MAY 4 2019

Watch: NJPW World


Another great match from the young lions. This time Uemura played the man in trouble and eventually made the hot tag to Tsuji.

I am really digging the Umino and Tsuji sequences in these matches these days. Umino hit a Missile Dropkick followed up by a Fisherman’s Suplex on Tsuji to get the win.

After the match, Narita stomps out Uemura to push their rivalry. ***1/4


Cobb got in Taichi’s face before the match started, but surprisingly, Suzukigun did not jump the other team before the match.

But the match did very much follow the usual Suzukigun formula, with lots of brawling outside. In this match, YOSHI-HASHI was Suzuki’s punching bag.

After a performance last night that is sure to be divisive (though overall, I liked it), Taichi actually looked really good here. He does have in-ring chemistry with Cobb and they had some good spots together in this match. Taichi also had a good outing with Henare in this match too, and eventually won the match with a Superkick on Henare. Taichi was so much better in this match a dick that kicks really hard and used more subtle heel tactics, and that’s what he should be from now on. ***1/2


I was skeptical of having Jado in this match. At first, I laughed because he had a shirt that said “So What? I don’t care,” on the front and “30 Years in the Biz,” on the back which is an obvious dig at Liger. But then the bell rang.

Oh dear Lord. Jado moved around worse than Honma did when he returned from his serious injury. The only two actual wrestling moves that Jado used in this match was two forearms to the back and the Crossface of JADO.

If you thought the MVP vs. GOD IWGP Tag title match was weak, then skip this match because their interactions in this were more boring than that match.

Yano got the win with a low blow and schoolboy roll up. This was the weakest New Japan multiman tag match I’ve seen in a long time. *3/4


Fun match. Goto demanded that White start the match with him and in classic Bullet Club style, Owens jumped Goto instead to start the match.

The atch settled into Bullet Club working over Honma for a while.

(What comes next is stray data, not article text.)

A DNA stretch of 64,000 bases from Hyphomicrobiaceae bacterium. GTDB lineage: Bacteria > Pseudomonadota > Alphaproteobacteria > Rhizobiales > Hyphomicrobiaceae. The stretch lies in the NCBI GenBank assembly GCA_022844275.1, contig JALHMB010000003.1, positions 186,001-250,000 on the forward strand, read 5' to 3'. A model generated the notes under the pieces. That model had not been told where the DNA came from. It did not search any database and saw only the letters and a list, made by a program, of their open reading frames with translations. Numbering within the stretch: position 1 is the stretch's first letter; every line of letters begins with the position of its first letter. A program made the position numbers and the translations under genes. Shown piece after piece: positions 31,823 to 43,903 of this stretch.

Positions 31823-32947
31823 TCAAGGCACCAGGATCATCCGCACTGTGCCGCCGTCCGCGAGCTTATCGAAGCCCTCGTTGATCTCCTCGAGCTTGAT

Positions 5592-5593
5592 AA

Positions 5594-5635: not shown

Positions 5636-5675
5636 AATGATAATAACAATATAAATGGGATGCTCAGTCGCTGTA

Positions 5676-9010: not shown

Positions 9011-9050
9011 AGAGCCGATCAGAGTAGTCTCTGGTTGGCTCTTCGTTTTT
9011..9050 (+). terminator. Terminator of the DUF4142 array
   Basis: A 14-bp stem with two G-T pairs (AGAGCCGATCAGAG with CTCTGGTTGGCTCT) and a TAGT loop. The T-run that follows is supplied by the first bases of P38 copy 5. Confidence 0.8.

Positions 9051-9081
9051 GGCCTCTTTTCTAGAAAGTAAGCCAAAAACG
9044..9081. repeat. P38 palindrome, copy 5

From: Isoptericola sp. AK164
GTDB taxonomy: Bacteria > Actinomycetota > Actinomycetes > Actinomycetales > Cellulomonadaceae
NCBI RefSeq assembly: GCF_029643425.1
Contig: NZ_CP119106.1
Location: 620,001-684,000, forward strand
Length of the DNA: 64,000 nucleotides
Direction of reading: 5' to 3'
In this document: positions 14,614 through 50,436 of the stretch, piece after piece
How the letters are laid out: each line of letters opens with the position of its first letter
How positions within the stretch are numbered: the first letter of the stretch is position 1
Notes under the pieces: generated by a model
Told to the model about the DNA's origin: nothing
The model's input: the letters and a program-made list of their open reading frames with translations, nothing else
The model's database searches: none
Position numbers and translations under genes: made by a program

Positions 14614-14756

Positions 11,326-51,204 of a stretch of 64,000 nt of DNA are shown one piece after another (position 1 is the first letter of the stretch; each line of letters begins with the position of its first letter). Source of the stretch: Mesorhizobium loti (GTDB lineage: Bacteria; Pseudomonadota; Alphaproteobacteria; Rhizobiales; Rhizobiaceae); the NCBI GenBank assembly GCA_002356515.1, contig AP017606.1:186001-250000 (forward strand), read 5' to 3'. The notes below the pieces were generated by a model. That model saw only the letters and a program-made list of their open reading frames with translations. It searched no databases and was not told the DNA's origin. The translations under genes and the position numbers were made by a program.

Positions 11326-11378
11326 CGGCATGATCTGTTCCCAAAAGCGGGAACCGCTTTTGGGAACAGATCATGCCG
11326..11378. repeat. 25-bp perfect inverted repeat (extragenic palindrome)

Goto and White got some shots in on each other and seem to be continuing their feud.

Nicholls was only the legal man for like 15 seconds of this match near the beginning while Owens was being worked over. However he did do a lot of double team moves with Juice throughout the match, and they actually seem to be gelling as a team.

But eventually it came down to Juice vs. Hikuleo. Like he did last night, Hikuleo looked pretty good in this match, especially during the closing stretch against Juice. Juice of course eventually got the win with the Pulp Friction.

The announcers noted that with this loss, Bullet Club was now 0-5 on the Dontaku shows, which ironically enough are the anniversary of their formation.

That Time’s Up video played again after the match as Juice was walking up the ramp to the back. ***1/2


To the surprise of no one, X was El Phantasmo. Even if the reveal was anticlimactic, this match did a great job in establishing ELP in the Junior Heavyweight division.

The story that Ospreay was surprised his friend would join Bullet Club was also played up. ELP refused a handshake at the beginning of this match from Ospreay.

The match was also rightfully the ELP show. He got to show off lots of his high flying moves. They have also teased him as a major rival to Ospreay as someone that also works a similar style to him.

Ishimori and Lee were in the match sparingly but they had a great chain wrestling exchange with each other to signal that their rivalry isn’t over.

ELP got the win when he superkicked Ospreay while he was going for the Os Cutter. ELP then nailed Ospreay with his Styles Clash-like finisher.

ELP initially came out to zero heat, but got some buzz by the end of this. A great booking decision to have ELP pin Ospreay to build another storyline for BOSJ. At only 9:48, this match did everything it needed to do. ***3/4


A rematch from last night, but this one was superior.